At 24 weeks of therapy, there was a higher proportion of patients in the tenofovir arm compared to the placebo arm with HIV-1 RNA <50 copies/mL (19% and 1%, respectively). Mean change in absolute CD4 counts by week 24 was +11 cells/mm3 for the tenofovir group and -5 cells/mm3 for the placebo group. Mean change in absolute CD4 counts by week 48 was +4 cells/mm3 for the tenofovir group. Through week 24, one patient in the tenofovir group and no patients in the placebo arm experienced a new CDC Class C event.

Treatment-Naïve Patients:
Study 903: Tenofovir + Lamivudine +Efavirenz Compared to Stavudine + Lamivudine + Efavirenz
Data through 144-weeks are reported for Study 903, a double-blind, active-controlled multicenter study comparing tenofovir (300 mg QD) administered in combination with lamivudine and efavirenz versus stavudine, lamivudine, and efavirenz in 600 antiretroviral naïve patients. Patients had a mean age of 36 years (range 18 to 64), 74% were male, 64% were Caucasian and 20% were Black. The mean baseline CD4 cell count was 279 cells/mm3 (range 3–956) and median baseline plasma HIV-1 RNA was 77, 600 copies/mL (range 417–5, 130,000). Patients were stratified by baseline HIV-1 RNA and CD4 count. Forty-three percent of patients had baseline viral loads >100,000 copies/mL and 39% had CD4 cell counts <200 cells/mL.
Treatment outcomes through 144 weeks are presented in Table 3 below.

Table 3. Outcomes of Randomised Treatment (Study 903)

Outcomes At Week48 At Week48 At Week 144 At Week 144
  Tenofivir+3TC
+EFV (N=299)
Stavudine+3TC
+EFV (N=301)
Tenofivir+3TC
+EFV (N=299)
Stavudine+3TC
+EFV (N=301)
          %         %         %         %
Responder (1)         79%         82%         68%         62%
Virologic failure (2)         6%         4%         10%         8%
        Rebound         5%         3%         8%         7%
Never suppressed         0%         1%         0%         0%
Added an antiretroviral agent         1%         1%         2%         1%
Death         <1%         1%         <1%         2%
Discontinued due to adverse event         6%         6%         8%         13%
Discontinued for other reasons (3)         8%         7%         14%         15%
(1.) Patients achieved and maintained confirmed HIV-1 RNA <400 copies/mL through Week 48 and 144
(2.) Includes confirmed viral rebound and failure to achieve confirmed <400 copies/mL through Week 48 and 144
(3.) Includes lost to follow-up, patient’s withdrawal, noncompliance, protocol violation and other reasons 12
Achievement of plasma HIV-1 RNA concentrations of less than 400 copies/mL at week 144 was similar between the two treatment groups for the
population stratified at baseline on the basis of HIV-1 RNA concentration (< or >100 ,000 copies/mL) and CD4 cell count (< or = 200 cells/mm3).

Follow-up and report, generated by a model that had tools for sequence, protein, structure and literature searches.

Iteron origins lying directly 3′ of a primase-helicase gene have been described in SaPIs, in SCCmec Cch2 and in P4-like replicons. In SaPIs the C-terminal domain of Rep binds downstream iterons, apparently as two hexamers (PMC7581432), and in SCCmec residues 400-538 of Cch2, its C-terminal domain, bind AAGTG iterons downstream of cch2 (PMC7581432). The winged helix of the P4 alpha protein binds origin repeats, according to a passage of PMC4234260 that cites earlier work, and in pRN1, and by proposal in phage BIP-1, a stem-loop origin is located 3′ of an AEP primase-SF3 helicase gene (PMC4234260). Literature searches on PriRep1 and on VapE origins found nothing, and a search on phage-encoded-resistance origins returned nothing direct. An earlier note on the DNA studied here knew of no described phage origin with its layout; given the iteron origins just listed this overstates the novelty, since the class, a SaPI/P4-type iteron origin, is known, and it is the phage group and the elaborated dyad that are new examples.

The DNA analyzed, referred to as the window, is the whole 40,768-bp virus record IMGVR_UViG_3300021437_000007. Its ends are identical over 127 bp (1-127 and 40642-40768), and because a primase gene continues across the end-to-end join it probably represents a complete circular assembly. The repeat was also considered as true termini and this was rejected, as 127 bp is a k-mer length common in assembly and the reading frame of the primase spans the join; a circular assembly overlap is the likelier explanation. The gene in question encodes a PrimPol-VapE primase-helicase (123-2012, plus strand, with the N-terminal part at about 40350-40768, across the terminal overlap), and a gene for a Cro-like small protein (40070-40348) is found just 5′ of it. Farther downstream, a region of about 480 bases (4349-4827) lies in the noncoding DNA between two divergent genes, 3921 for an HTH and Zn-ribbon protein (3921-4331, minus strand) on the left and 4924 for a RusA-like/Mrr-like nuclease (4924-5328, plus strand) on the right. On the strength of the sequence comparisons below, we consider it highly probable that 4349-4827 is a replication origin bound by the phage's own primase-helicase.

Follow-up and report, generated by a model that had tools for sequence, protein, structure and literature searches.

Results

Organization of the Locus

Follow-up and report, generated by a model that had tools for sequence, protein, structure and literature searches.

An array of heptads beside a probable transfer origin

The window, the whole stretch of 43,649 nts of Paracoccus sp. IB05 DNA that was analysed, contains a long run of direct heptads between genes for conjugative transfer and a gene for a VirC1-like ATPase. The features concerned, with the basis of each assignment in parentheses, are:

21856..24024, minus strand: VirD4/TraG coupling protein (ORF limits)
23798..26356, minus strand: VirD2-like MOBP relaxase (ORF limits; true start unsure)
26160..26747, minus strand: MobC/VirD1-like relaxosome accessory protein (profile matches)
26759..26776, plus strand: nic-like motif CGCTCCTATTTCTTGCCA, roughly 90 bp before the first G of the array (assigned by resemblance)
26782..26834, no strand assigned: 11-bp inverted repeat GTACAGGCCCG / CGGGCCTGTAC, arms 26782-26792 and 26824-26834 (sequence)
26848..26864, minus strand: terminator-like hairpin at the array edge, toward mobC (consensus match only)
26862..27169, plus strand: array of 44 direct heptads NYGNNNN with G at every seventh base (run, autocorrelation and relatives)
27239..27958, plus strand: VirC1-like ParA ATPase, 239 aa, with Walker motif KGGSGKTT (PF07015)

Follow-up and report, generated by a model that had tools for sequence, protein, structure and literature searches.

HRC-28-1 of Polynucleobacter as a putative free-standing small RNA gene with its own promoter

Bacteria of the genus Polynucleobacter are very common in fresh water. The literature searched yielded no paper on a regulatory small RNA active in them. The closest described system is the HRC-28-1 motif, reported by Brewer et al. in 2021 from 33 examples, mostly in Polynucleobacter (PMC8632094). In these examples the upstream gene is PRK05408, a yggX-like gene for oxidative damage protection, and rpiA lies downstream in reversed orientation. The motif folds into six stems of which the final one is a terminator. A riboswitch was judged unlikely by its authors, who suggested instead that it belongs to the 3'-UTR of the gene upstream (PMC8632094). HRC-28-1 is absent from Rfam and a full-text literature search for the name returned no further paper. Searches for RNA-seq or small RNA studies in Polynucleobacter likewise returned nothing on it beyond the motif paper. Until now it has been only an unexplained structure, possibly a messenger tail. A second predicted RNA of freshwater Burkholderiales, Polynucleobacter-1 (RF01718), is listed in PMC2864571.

Through 144 weeks of therapy, 62% and 58% of patients in the tenofovir and stavudine arms, respectively achieved HIV-1 RNA <50 copies/mL. The mean increase from baseline in CD4 cell count was 263 cells/mm3 for the tenofovir arm and 283 cells/mm3 for the stavudine arm. Through 144
weeks, eleven patients in the tenofovir group and nine patients in the stavudine group experienced a new CDC Class C event.

Resistance Analyses of Tenofovir in Treatment Naïve Patients:
Genotypic analyses of patients with virologic failure showed development of efavirenz associated and lamivudine-associated mutations to occur most frequently and with no difference between the treatment arms. The K65R mutation occurred in 8 patients on the tenofovir arm and in 2 patients on the stavudine arm. Of the 8 patients who developed K65R in the tenofovir arm through 144 weeks, 7 of these occurred in the first 48 weeks of treatment and one at week 96. Other mutations resulting in resistance to tenofovir were not identified in this study.

Genotypic Analyses of Tenofovir in Patients with Previous Antiretroviral Therapy:
The virologic response to tenofovir therapy has been evaluated with respect to baseline viral genotype (N=222) in treatment experienced patients participating in two controlled trials.
In two clinical studies, 94% of the participants evaluated had baseline HIV-1 isolates expressing at least one NRTI mutation. These included resistance mutations associated with zidovudine (M41L, D67N, K70R, L210W, T215Y/F or K219Q/E/N), the abacavir/emtricitabine/lamivudine associated mutation (M184V), and others. In addition the majority of participants evaluated had mutations associated with either PI or NNRTI use. Virologic responses for patients in the genotype substudy were similar to the overall study results. Several exploratory analyses were conducted to evaluate the effect of specific mutations and mutational patterns on virologic outcome. Descriptions of numerical differences in HIV-1 RNA response are displayed in Table 4. Because of the large number of potential comparisons, statistical testing was not conducted. Varying degrees of cross-resistance of tenofovir to pre-existing zidovudine-associated mutations were observed and appeared to depend on the number of specific mutations.
Tenofovir-treated patients whose HIV-1 expressed 3 or more zidovudine-associated mutations that included either the M41L or L210W reverse transcriptase mutation showed reduced responses to tenofovir therapy; however, these responses were still improved compared with placebo. The presence of the D67N, K70R, T215Y/F or K219Q/E/N mutation did not appear to affect responses to tenofovir therapy. The HIV-1 RNA responses by number and type of baseline zidovudine-associated mutations are shown in Table 4.

Table 4. HIV-1 RNA Response at Week 24 by Number of Baseline Zidovudine-Associated Mutations (Intent-To-Treat) (1)